Proportional Allocation or RUBS

Ratio Utility Billing System (RUBS) is another method of submetering. This system allocates utility costs based on factors such as the number of residents, apartment size, or a combination of both. Instead of directly measuring each tenant’s consumption, RUBS calculates a proportional share of the total utility bill for each apartment. This method can save costs on installing individual meters for each unit.

Which Companies Should Implement Utility Submetering?

Installing meters is not as simple as it might seem; hence, submetering is handled by companies specializing in this field. Often, these are the same companies providing direct services to consumers, or they may hire contractors to perform this work.

Why Can’t Users Install Their Meters?

The meter must be integrated into the overall project, meet technical standards and requirements, and be accurate. This is essential for both consumers and property owners. Therefore, DIY meter installation is not a feasible option.

The meter must be registered, and the subscriber must be switched to a different billing system. Simply installing a meter does not determine how much a specific consumer will pay; it only measures usage. The system works only when the meter:

  • Meets all requirements;
  • Is correctly installed;
  • Is entered into the system;
  • The subscriber is transferred to a different billing system.
  • An RBC (read, bill, collect) company is assigned to read the meter data, issue bills, collect payments, and maintain the customer’s payment history.

The RBC company also provides technical support to customers and offers other solutions, such as increasing NOI or reimbursing certain expenses.

What Are the Differences Between Metering and Submetering?

What Are the Differences Between Metering and Submetering

As you may have seen from the examples above, building-level metering and submetering are different concepts. The commonality between them is that they involve measuring the precise amount of services or resources consumed. When referring to the measurement of services delivered to a building, enterprise, or other facility as a whole, it is about metering. In this case, a single main meter is installed, which records the total consumption of a particular resource. Such a meter might be located in the building’s basement, for example.

Meanwhile, submetering is a way of more specifically and accurately measuring the consumption of water, electricity, heating, or other utilities. With submetering, in addition to the main building meter, each consumer, whether commercial or residential, can measure how much they have consumed individually. This additional meter is installed in the premises (apartment, office, production facility) after the main building meter or even instead of it.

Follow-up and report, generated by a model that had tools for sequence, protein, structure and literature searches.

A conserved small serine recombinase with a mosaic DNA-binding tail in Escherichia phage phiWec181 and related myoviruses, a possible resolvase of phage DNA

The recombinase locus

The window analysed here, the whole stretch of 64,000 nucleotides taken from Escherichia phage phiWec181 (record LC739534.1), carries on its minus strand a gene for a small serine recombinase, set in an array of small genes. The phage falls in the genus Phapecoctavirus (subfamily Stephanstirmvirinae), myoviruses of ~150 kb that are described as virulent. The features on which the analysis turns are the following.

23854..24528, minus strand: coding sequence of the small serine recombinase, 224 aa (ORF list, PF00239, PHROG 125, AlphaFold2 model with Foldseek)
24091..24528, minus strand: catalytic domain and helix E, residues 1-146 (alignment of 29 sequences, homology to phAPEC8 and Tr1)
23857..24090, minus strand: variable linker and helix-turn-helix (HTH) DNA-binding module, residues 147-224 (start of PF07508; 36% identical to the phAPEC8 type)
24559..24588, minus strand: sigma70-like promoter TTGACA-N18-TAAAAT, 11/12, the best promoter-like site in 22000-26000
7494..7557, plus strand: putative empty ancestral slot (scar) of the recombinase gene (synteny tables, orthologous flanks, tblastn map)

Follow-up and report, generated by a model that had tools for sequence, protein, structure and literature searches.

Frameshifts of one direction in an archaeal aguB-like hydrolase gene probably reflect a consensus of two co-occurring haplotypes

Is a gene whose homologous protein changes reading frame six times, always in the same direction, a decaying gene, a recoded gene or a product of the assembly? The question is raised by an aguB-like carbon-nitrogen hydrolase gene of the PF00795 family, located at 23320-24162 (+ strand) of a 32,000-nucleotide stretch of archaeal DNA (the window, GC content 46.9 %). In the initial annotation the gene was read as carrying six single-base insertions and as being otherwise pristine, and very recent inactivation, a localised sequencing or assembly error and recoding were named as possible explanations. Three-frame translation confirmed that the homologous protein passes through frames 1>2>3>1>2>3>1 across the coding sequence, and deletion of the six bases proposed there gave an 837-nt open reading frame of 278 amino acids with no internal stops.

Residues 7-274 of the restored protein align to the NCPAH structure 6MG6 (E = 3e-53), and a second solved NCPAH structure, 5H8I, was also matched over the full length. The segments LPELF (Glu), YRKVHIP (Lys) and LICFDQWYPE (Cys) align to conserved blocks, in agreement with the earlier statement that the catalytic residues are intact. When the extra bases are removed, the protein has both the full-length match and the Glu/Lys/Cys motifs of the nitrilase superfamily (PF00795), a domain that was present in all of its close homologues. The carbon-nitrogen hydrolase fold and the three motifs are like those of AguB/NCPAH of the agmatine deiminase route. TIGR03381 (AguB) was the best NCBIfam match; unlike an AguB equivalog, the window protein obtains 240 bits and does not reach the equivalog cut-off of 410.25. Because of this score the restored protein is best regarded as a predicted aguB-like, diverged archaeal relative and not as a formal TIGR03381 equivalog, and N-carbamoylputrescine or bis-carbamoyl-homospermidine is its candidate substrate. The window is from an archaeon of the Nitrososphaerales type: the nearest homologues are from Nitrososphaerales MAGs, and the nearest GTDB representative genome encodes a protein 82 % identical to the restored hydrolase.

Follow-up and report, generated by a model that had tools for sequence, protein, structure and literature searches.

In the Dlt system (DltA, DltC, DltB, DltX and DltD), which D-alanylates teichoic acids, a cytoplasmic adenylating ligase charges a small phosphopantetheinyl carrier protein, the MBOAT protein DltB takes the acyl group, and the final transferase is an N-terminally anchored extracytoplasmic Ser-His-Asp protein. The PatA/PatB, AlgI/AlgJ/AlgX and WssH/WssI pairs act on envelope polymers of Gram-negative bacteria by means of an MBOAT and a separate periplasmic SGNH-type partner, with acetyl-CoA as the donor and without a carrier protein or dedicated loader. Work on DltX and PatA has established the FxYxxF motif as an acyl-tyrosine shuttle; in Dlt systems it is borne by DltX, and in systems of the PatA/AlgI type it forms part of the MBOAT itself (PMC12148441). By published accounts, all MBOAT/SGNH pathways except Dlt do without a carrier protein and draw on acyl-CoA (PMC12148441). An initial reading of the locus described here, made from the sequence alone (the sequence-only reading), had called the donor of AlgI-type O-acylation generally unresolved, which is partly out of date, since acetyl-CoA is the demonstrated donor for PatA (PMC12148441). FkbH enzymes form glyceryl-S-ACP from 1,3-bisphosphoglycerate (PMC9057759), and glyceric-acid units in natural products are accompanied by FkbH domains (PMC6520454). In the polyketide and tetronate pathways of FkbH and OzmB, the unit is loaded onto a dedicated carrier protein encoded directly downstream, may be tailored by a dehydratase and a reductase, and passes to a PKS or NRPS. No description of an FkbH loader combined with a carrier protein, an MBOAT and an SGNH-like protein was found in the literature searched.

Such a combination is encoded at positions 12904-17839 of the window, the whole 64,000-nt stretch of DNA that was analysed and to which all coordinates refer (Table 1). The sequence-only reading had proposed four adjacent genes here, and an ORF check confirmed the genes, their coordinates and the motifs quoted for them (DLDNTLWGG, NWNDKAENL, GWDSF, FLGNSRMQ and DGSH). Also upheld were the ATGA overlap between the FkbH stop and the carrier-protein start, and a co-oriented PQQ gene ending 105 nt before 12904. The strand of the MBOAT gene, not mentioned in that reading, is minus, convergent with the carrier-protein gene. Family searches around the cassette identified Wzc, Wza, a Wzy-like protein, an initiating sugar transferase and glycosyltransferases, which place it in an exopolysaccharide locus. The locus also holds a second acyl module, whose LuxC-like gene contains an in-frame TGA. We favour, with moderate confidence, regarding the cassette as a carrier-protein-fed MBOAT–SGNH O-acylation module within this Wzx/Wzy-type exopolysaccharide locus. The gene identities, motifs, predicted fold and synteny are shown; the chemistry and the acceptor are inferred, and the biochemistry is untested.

Thus, the key difference between building-level metering and submetering lies in where the meters are located and for what purpose. When a single main meter for the entire building is sufficient for billing purposes, it can be used alone. However, when it comes to commercial consumption of utilities (enterprises, factories, supermarkets), businesses can significantly save costs by using submetering.

How Maxbill Can Help Utility Companies  

Maxbill is a company that undertakes the full cycle of necessary interactions with each individual consumer, acting as a contractor for utility companies.

Maxbill helps utility companies optimize their operations and automate processes, as well as reduce the issue of customer debts. This is achieved by offering consumers a convenient electronic account, measuring the actual consumption of services, maintaining a payment history, issuing bills, and sending payment reminders. The service can also forecast which users might potentially encounter debt problems for consumed services — these warnings are generated by the system based on data analysis using AI.

By ensuring accurate and transparent billing processes, providing reliable analytical tools, and even offering the development of multi-level tariff systems, Maxbill facilitates the work of utility companies and increases customer satisfaction.